4. The Judiciary Committee votes on whether to report the nominee to the full Senate.  If the Committee does report the nominee, they can submit the nomination with a favorable recommendation, an unfavorable recommendation, or no recommendation at all.  Senators who oppose the nomination can attempt to delay a nomination by using procedural tactics to prevent a committee vote.
  5. The full Senate has the opportunity to debate the nomination.  The Senate debates until a Senator asks for unanimous consent to end debate and move to a vote on the nominee.  If unanimous consent is granted, the Senate votes on the nominee, with a majority vote required for confirmation.  Any Senator can refuse to grant unanimous consent.  This situation is known as a hold.
  6. If any Senator objects to unanimous consent, then a cloture motion must be filed in order to end debate and move to a vote.  A cloture motion requires 60 votes to pass.  If 60 Senators support cloture, the full Senate will vote on the nomination, with a majority required for confirmation.  If fewer than 60 Senators support cloture, debate continues and a confirmation vote cannot occur.  This is known as a filibuster.
  7. Once the Senate holds a confirmation vote, with a majority voting to confirm, the nominee becomes a Federal Judge.

Sen. John Cornyn (R-TX) has been in the news of late complaining that too many judicial openings have gone vacant for far too long in Texas.  Well, maybe Sen. Cornyn should take a look at a look in the mirror. Refer to step one above, the process for approving a new district court judge, per longstanding tradition, begins with a senator forwarding recommendations from his or her state to the president.  Sen. Cornyn has failed to take any such action for years.

So as you can see, in the case of the Judiciary, there are three opportunities to gum up the works:  (1) Shrug off their duty to propose any judiciary candidates to the President, (2) Fail to show up for committee meetings such that the committee has no quorum to allow a vote, and (3) if all else fails, just filibuster whoever does manage to make it out of committee.

S47: Violence Against Women Reauthorization Act of 2013

Since its original passage in 1994, VAWA (Violence Against Women Act) has dramatically enhanced our nation’s response to violence against girls and women, boys and men. More victims report domestic violence to the police and the rate of non-fatal intimate partner violence against women has decreased by 64%.

VAWA provides for a coordinated community approach, improving collaboration between law enforcement and victim services providers to better meet the needs of victims. These comprehensive and cost-effective programs not only save lives, they also save money. In fact, VAWA saved nearly $12.6 billion in net averted social costs in just its first six years.

A significant number of Senators appreciate the savings in terms of both social and financial costs, but twenty two members of the right-wing clearly see no value in continuing such efforts.  S47—the Violence Against Women Reauthorization Act of 2013—passed the Senate on February 12th with a 78/22 vote.  Here’s the list of Senators who prefer to escalate the war on women:

  • Sen. Jeff Sessions (R-AL) ….  up for re-election in 2014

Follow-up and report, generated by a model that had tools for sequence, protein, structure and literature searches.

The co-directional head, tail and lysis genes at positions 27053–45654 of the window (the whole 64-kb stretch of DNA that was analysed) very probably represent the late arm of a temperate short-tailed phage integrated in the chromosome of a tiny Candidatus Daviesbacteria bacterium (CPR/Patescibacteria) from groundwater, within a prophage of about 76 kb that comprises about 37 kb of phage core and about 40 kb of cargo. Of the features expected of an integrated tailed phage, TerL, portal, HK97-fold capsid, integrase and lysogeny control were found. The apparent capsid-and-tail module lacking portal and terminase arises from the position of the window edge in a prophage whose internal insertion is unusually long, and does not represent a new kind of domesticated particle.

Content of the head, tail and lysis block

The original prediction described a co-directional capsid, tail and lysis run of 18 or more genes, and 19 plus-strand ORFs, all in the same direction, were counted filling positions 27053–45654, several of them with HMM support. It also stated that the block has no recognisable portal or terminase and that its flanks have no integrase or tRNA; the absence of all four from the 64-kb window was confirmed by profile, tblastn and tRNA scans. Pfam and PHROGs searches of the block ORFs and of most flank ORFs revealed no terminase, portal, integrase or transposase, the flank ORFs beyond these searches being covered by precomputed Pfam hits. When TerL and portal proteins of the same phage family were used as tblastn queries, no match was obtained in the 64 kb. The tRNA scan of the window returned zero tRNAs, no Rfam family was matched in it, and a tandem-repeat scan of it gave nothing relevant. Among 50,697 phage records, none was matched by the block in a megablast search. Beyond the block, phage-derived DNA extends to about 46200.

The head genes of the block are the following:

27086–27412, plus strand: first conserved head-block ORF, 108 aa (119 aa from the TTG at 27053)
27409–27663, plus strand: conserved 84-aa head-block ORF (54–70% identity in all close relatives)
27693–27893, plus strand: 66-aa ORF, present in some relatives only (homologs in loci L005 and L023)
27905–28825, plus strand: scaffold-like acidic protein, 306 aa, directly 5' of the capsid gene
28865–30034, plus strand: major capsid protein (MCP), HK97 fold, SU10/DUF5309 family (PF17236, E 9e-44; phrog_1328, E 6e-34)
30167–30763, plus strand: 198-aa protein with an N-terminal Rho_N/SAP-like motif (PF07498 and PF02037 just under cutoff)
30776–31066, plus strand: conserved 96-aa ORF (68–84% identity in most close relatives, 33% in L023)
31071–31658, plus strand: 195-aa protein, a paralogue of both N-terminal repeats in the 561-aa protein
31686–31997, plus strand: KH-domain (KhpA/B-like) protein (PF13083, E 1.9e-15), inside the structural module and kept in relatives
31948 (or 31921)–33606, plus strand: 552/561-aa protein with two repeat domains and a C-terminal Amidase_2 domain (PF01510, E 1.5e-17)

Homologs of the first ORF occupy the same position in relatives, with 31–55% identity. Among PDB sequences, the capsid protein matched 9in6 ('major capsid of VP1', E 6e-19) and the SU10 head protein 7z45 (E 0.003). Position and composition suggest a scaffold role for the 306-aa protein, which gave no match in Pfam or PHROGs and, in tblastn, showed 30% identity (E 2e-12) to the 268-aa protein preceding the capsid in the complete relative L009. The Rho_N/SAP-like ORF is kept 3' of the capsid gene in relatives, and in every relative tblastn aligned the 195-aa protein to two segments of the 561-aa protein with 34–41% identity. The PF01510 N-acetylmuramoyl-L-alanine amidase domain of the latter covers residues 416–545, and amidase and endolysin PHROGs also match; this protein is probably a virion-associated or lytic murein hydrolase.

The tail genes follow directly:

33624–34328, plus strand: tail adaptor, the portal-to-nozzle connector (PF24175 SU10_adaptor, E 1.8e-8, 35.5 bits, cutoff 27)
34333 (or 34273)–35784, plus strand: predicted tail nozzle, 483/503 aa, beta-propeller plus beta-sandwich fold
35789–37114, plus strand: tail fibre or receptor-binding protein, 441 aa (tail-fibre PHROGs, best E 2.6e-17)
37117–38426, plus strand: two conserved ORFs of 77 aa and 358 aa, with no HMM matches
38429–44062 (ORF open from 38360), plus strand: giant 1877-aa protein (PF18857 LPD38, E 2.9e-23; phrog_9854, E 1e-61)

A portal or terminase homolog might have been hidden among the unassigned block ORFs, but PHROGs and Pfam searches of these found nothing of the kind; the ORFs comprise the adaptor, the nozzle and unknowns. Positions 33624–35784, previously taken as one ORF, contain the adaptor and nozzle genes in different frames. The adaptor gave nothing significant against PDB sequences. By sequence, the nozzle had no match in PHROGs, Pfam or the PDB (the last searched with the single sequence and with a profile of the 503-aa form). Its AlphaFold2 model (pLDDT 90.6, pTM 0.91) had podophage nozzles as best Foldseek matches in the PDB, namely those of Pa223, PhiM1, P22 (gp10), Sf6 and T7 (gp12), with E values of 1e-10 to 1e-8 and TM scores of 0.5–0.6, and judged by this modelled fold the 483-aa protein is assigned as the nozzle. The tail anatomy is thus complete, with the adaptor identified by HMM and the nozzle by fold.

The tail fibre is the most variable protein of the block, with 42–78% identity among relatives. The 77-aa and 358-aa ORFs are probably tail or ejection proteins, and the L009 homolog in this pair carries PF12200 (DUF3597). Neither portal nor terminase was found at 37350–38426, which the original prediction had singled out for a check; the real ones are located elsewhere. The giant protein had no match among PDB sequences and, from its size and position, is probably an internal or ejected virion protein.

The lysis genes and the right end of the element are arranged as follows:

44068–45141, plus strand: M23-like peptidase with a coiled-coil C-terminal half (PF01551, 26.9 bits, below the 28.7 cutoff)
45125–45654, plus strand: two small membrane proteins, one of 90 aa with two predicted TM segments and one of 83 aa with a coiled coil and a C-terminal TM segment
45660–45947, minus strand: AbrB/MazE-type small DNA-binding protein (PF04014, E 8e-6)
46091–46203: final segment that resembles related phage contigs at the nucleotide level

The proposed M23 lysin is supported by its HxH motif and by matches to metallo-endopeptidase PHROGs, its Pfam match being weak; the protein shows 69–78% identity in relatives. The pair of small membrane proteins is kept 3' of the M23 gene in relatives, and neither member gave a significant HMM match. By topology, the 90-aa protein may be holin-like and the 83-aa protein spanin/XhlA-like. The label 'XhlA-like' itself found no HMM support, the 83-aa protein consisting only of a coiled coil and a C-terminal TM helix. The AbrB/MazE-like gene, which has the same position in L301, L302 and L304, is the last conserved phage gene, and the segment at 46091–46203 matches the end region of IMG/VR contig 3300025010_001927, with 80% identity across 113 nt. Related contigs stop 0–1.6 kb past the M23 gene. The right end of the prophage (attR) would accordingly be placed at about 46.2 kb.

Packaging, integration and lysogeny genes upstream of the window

• Sen. James Risch (R-ID)   ….  up for re-election in 2014
  • Sen. Pat Roberts (R-KS)  ….  up for re-election in 2014
  • Sen. Mitch McConnell (R-KY)  ….  up for re-election in 2014
  • Sen. Mike Johanns (R-NE)  ….  up for re-election in 2014
  • Sen. Jim Inhofe (R-OK)  ….  up for re-election in 2014
  • Sen. Lindsey Graham (R-SC)  ….  up for re-election in 2014
  • Sen. Tim Scott (R-SC)  ….  up for re-election in 2014
  • Sen. John Cornyn (R-TX)  ….  up for re-election in 2014
  • Sen. Michael Enzi (R-WY)  ….  up for re-election in 2014
  • Sen. John Boozman (R-AR)  ….  up for re-election in 2016
  • Sen. Marco Rubio (R-FL)  ….  up for re-election in 2016
  • Sen. Chuck Grassley (R-IA)  ….  up for re-election in 2016
  • Sen. Rand Paul (R-KY)  ….  up for re-election in 2016
  • Sen. Roy Blunt (R-MO)  ….  up for re-election in 2016
  • Sen. Thomas Coburn (R-OK)  ….  up for re-election in 2016
  • Sen. John Thune (R-SC)  ….  up for re-election in 2016
  • Sen. Mike Lee (R-TX)  ….  up for re-election in 2016
  • Sen. Ron Johnson (R-WI)  ….  up for re-election in 2016
  • Sen. Ted Cruz (R-TX)  ….  up for re-election in 2018
  • Sen. Orrin Hatch (R-TX)  ….  up for re-election in 2018
  • Sen. John Barrasso (R-WY)  ….  up for re-election in 2018

22-VAWA-NOs

Get to know these faces ladies.  It’s time to watch closely,  just exactly how they vote on issues near and dear to our hearts.  If, through their words, their actions and their votes, they’re showing us that WE have NO value, then it’s clearly time that WE, as women, show them that they have no value and that WE no longer want them in decision and leadership positions where they would be able to impose their lack of values on us.  Two faces in particular are quite disappointing, Sen. Tim Scott and Sen. Marco Rubio.  Apparently they’ve clearly joined the “I’ve got mine, good luck getting yours” club.

Reauthorization of the law, first passed in 1994, now heads to the House, where swift passage is far from guaranteed. House Republicans killed the legislation last year, though Democrats have now dropped some of the provisions that drew GOP objections, including expanded visas for abused immigrants.

Read more: http://www.nydailynews.com/news/politics/rubio-gop-white-house-hopefuls-oppose-violence-women-act-article-1.1263096#ixzz2KpTyVbqF